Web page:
Before I became chair, our conservation commission, anywhere from three to five people depending on who is away or sick, spearheaded Ogunquit becoming the first town in New England and the second in the nation to be an all organic town.
Chemical pesticides and fertilizers are forbidden outdoors now in Ogunquit and have been since two years ago January 1st.
That action, initiated by our Conservation Commission and endorsed by our voters, might have been the catalyst that sparked other towns and cities here to follow suit. Chemical pesticides can be overused and poison our streams, rivers and surrounding sea, while becoming a health hazard for children, adults, our pets and birds and other wildlife.
Because Ogunquit has forbidden chemical pesticides, our town was given the highest award from Washington, DC based Beyond Pesticides at their gathering in Portland last June.
Then the New England EPA presented our Conservation Commission with its Merit Award for “those who have made outstanding contributions to protect New England’s environment.” Senator Susan Collins sent congratulations and added her voice to what our tiny Commission has accomplished over the years.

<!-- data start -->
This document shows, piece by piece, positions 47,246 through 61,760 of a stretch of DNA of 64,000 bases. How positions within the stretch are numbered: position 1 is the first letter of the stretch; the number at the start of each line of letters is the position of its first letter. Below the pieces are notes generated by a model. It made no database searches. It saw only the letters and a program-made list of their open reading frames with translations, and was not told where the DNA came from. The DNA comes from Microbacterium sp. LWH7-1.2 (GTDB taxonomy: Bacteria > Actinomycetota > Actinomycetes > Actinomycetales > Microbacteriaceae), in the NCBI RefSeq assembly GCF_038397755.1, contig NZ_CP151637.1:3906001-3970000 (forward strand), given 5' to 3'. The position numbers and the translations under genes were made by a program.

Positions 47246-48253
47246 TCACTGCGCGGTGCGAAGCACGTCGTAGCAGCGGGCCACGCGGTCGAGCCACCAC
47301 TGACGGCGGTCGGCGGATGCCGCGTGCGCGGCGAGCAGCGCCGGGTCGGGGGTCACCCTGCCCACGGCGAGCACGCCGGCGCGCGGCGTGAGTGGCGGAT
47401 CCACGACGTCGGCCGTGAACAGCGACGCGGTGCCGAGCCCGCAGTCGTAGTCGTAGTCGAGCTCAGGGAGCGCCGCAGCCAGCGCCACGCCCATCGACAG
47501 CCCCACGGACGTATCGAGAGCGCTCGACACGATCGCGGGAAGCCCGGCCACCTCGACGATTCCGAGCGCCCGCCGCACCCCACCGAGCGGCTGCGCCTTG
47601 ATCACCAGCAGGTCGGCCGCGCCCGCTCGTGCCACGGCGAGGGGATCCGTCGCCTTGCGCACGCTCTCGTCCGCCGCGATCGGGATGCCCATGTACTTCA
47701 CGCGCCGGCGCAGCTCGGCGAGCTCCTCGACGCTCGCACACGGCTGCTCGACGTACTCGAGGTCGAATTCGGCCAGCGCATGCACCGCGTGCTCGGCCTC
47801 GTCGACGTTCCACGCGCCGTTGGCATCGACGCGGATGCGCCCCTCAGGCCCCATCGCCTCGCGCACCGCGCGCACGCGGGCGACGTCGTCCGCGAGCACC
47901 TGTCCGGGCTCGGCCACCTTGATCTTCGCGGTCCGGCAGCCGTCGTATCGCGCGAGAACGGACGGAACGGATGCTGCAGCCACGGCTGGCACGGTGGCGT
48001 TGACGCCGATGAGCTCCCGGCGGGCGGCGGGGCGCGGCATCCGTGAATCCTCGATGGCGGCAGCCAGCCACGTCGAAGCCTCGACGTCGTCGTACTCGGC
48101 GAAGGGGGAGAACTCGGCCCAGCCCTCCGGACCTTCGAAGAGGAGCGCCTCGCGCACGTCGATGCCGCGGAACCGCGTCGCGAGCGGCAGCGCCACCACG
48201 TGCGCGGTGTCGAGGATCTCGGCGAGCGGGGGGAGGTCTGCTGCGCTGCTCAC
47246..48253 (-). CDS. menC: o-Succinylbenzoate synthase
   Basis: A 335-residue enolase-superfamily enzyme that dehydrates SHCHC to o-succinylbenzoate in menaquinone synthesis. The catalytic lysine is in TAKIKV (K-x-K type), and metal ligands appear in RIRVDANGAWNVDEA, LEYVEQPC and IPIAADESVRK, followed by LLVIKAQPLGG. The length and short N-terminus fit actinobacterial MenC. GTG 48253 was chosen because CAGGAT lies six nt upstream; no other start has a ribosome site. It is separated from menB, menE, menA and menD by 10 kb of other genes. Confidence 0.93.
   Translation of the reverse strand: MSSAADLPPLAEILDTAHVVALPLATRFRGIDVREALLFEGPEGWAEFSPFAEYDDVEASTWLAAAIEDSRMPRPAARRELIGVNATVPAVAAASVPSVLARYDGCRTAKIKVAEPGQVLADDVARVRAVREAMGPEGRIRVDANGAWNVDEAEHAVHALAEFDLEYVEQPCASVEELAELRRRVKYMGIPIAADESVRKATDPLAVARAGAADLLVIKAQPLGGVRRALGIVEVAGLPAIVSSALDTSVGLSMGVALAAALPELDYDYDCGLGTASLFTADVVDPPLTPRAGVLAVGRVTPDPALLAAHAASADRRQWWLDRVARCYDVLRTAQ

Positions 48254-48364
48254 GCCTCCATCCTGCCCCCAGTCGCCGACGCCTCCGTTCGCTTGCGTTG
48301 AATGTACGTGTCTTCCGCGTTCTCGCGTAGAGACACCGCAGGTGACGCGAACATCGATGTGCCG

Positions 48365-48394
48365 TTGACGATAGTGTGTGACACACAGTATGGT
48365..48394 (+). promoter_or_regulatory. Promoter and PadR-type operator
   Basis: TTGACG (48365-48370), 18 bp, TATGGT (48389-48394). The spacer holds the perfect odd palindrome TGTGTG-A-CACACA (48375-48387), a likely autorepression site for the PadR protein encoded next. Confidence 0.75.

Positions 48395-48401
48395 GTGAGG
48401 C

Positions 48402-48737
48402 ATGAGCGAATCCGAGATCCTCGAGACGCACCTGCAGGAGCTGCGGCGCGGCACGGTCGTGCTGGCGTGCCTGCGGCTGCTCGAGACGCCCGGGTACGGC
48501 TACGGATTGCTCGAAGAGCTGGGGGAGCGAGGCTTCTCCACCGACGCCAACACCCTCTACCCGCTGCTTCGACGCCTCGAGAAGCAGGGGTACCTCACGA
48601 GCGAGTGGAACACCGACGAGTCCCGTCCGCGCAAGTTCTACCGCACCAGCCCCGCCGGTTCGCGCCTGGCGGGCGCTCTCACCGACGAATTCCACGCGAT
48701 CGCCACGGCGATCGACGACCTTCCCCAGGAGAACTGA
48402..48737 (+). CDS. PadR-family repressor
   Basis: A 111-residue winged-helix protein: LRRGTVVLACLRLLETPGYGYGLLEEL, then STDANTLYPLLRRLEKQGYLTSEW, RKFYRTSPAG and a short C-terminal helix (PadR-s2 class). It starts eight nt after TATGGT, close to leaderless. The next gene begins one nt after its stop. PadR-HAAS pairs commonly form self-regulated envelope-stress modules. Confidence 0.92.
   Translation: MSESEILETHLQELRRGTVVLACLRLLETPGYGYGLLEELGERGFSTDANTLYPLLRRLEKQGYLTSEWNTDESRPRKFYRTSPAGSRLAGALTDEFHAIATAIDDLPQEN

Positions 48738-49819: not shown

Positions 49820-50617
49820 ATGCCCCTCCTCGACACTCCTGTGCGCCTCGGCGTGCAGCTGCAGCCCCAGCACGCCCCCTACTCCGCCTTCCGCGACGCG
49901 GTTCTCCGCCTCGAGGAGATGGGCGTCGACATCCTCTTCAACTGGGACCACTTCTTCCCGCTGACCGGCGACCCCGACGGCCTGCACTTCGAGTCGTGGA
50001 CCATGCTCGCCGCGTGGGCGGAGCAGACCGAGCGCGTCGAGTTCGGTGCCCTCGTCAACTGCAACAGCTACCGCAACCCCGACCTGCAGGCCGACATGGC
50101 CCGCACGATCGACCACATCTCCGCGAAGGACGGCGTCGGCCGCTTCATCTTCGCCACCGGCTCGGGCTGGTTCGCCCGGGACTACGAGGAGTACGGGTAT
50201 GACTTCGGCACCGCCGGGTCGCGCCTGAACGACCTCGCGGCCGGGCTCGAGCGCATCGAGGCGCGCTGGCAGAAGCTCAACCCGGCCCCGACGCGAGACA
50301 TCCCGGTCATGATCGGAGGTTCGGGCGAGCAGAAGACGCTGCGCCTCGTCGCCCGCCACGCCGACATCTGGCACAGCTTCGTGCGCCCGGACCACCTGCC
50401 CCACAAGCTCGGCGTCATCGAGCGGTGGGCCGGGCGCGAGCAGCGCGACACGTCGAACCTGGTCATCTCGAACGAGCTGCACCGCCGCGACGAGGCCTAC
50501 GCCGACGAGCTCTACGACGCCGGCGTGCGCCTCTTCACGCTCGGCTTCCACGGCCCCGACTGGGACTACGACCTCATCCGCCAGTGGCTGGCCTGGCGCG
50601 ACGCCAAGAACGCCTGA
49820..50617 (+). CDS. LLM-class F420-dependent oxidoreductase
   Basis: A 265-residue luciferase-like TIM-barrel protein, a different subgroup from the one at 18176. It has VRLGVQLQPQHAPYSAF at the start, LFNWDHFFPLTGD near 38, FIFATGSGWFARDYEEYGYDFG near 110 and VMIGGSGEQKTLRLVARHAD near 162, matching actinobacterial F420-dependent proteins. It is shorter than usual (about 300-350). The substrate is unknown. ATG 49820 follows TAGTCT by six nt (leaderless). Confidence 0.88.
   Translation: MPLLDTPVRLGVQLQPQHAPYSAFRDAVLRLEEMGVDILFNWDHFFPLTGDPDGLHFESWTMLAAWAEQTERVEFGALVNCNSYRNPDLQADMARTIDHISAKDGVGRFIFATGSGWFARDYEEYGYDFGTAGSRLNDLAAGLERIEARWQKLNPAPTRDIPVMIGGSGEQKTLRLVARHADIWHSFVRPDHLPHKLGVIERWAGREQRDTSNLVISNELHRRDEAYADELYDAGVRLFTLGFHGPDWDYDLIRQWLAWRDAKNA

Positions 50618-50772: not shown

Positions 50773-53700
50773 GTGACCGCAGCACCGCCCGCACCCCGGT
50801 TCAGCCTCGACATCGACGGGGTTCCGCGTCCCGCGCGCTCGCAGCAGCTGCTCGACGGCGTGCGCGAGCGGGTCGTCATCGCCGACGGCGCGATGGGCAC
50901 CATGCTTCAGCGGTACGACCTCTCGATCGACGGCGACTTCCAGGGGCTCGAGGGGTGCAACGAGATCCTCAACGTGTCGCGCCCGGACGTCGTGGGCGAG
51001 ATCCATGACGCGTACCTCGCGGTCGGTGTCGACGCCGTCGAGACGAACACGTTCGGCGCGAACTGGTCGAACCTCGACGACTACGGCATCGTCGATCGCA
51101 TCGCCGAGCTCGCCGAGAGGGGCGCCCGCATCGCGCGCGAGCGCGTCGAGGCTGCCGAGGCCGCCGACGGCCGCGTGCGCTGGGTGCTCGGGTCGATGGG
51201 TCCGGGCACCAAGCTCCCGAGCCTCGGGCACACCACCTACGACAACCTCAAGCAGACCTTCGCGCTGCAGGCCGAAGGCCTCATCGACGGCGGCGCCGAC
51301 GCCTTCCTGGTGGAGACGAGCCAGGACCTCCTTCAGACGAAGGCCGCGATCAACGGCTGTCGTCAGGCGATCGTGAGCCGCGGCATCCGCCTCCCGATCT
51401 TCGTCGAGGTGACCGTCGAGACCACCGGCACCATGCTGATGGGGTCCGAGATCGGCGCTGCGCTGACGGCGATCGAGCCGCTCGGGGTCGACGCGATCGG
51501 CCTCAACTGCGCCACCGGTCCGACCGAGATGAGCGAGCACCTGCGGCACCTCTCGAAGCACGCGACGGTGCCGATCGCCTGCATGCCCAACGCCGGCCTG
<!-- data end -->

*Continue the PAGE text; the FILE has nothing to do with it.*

We continued working with FB Environmental Associates locating possible sources of contamination and pollution, along with an additional grant that brought all the towns in the Ogunquit River Watershed together so that we could locate the sewer and septic systems within the watershed.
I regret I was unable to speak at the Portland Beyond Pesticides Conference, the Maine Organization of Conservation Commissions in July or the Maine Organic Farmers and Growers Unity Fair in September, generous invitations all of them.
But mostly I am grateful to our tiny conservation commission and our Ogunquit voters who want to preserve their health and environment.